I live in the small leafy village of Bow, a tiny medieval settlement by the river Lea and one of the original Tower Hamlets. Well, that's what the place was once. However, if you've ever driven through East London you probably know Bow better as that concrete wasteland with a church in the middle of the road. This is rather closer to the truth today, but there's still plenty of evidence around here of the old village and what happened as it grew up to become absorbed into the largest city in Europe.
The old Roman Road from London to Colchester crossed the River Lea here, originally at a fast-flowing ford. A stone bridge was built as a replacement about 900 years ago, and its bow-shape provided the name for the new village of Bow that grew up around it. Close by was St Leonard's Priory, a Benedictine nunnery founded in the time of William the Conqueror, and mentioned by Geoffrey Chaucer in the prologue to his Canterbury Tales.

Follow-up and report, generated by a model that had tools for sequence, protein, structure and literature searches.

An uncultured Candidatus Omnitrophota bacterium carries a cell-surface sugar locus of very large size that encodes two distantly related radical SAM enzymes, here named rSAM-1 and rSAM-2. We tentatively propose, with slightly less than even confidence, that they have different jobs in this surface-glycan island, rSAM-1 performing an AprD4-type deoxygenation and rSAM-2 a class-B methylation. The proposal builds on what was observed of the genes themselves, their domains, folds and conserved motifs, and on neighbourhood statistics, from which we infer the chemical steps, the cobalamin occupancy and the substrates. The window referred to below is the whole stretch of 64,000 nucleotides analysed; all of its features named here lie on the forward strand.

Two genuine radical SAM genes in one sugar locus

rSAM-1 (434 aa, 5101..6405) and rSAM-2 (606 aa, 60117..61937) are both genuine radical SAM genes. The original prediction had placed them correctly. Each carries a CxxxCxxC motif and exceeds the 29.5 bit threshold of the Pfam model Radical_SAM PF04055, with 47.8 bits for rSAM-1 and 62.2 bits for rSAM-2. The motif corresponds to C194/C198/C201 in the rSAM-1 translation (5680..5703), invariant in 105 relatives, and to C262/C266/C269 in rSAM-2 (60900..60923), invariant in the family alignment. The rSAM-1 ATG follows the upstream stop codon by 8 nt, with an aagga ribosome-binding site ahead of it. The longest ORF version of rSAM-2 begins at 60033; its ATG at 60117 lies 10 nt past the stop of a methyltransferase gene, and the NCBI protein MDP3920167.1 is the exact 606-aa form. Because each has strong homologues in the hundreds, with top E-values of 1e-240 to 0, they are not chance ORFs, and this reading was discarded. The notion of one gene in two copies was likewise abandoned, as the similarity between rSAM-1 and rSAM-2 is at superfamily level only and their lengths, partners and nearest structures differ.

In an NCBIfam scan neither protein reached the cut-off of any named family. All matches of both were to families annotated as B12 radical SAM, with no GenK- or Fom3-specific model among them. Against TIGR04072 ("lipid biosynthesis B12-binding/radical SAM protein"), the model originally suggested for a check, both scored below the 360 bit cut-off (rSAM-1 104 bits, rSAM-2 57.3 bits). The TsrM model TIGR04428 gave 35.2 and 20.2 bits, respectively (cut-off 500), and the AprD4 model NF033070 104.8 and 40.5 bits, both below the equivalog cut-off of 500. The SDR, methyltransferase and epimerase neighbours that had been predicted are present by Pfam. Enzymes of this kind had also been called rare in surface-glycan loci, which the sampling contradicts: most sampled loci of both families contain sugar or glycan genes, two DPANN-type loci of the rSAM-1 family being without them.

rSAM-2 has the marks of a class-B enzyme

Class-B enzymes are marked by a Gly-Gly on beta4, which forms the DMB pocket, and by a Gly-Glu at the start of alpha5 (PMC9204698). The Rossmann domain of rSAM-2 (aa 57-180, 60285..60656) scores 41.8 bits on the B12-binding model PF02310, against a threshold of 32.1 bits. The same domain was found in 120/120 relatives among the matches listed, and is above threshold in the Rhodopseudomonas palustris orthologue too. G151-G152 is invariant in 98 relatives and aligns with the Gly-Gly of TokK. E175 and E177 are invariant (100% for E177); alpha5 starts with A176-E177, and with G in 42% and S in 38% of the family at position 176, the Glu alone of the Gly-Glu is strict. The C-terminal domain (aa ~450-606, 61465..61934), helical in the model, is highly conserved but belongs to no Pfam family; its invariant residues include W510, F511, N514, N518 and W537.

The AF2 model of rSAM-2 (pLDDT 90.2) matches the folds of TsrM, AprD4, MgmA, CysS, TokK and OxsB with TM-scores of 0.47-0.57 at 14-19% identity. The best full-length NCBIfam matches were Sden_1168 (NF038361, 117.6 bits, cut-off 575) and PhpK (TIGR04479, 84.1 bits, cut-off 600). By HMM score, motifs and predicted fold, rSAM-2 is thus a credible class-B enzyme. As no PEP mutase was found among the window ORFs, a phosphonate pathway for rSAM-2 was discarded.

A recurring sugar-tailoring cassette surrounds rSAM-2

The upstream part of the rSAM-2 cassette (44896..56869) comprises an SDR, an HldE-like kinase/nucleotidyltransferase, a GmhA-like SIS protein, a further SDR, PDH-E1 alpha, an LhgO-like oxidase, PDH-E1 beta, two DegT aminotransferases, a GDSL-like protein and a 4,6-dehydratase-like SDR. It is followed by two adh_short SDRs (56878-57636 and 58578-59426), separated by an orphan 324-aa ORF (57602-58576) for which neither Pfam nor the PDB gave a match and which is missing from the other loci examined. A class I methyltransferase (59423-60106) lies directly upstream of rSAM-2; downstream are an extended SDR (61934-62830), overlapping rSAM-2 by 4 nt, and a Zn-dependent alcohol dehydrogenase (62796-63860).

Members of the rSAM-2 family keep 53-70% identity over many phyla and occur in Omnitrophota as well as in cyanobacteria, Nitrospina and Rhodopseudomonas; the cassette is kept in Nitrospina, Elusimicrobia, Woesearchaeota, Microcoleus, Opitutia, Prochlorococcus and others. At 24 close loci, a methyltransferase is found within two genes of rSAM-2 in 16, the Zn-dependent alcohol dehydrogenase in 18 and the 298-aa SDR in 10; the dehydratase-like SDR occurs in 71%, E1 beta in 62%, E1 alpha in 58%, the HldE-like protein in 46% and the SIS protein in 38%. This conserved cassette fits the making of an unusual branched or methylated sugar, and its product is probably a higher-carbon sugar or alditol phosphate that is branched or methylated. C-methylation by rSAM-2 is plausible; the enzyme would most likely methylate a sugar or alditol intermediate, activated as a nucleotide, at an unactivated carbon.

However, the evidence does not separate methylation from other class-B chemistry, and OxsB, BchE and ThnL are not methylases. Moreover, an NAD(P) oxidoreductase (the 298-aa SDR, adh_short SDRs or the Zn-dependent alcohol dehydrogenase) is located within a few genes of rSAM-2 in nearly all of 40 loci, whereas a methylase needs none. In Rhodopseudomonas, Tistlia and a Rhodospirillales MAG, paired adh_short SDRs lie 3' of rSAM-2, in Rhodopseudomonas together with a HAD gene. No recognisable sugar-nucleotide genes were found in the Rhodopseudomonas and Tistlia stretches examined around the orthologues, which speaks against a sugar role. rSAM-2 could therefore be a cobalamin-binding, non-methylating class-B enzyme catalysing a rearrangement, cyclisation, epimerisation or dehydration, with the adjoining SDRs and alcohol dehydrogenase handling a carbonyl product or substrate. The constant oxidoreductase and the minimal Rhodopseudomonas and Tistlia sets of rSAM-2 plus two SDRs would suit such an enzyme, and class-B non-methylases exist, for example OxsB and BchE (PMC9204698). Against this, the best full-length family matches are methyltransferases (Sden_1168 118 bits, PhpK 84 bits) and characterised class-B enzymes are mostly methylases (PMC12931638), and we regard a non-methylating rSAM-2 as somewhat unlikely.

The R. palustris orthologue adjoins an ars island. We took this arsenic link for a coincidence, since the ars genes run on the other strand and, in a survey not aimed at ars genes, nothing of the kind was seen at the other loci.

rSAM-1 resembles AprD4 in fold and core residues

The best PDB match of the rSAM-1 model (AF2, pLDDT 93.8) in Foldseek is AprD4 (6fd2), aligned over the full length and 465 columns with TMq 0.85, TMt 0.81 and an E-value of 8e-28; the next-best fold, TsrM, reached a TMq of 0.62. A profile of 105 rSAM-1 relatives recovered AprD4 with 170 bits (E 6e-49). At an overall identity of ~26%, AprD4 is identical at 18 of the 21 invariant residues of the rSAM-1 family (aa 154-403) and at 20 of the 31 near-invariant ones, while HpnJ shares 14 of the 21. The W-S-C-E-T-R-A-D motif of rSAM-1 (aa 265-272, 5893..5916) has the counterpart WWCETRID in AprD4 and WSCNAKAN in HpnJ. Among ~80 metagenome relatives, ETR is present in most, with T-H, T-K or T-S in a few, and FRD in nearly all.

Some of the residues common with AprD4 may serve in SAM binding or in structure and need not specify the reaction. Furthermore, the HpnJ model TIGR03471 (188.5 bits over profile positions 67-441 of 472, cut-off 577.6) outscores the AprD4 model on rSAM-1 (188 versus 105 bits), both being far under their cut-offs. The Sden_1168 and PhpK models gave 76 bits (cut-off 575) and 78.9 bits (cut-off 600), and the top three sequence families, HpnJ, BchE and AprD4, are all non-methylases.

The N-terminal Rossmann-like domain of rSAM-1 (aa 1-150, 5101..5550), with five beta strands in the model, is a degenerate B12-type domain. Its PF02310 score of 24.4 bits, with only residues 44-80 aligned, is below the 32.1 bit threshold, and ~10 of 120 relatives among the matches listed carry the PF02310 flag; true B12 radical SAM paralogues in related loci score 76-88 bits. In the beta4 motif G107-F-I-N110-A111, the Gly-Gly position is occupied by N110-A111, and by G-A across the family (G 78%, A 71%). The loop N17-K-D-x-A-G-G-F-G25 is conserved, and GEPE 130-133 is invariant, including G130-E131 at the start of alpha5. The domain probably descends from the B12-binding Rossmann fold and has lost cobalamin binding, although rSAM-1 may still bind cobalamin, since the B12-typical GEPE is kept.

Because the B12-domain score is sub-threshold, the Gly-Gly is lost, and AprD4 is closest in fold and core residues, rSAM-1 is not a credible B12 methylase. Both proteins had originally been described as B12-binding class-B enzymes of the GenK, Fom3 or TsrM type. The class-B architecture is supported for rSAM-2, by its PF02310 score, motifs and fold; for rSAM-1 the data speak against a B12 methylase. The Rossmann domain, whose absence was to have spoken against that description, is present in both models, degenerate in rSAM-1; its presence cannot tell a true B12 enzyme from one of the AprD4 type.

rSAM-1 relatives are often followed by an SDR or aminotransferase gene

That 'church in the middle of the road' was founded in 1311 and formed the centre of the medieval village. Bow was also home to a number of breweries and riverside flour mills and the village soon became the bakery of London. Fresh loaves were taken by cart into the City each morning and with this prosperity came further growth. Samuel Pepys was a regular visitor to the green fields and great houses of 17th-century Bow, often riding out from inner London to take the clear air.
Bow grew rapidly during Victorian times, from a population of two thousand in 1801 to more than forty thousand in 1901, as the village was swallowed whole by the ever-expanding city of London. Many fine terraces and squares were built to the north of the main road, but there was also terrible poverty. The railways came, the riverside became heavily industrialised and the whole area tipped slowly into slum conditions along with the rest of the East End. Charles Dickens saw fit to set part of Nicholas Nickleby here, although admittedly not the most exciting of chapters.
The Second World War took a heavy toll on Bow's buildings and their occupants, quickening the rebirth of the area as the remaining slums were cleared in a ground-breaking redevelopment scheme. Much of the old village centre round the church was buried forever beneath ugly ill-thought-out concrete, but elsewhere many of the better Victorian terraces have survived. The gentrification of Bow is well underway, and any estate agent will tell you that the area definitely is on the up again. But alas, it's very hard to stand here now and picture rolling fields, lush pastures and Samuel Pepys riding by.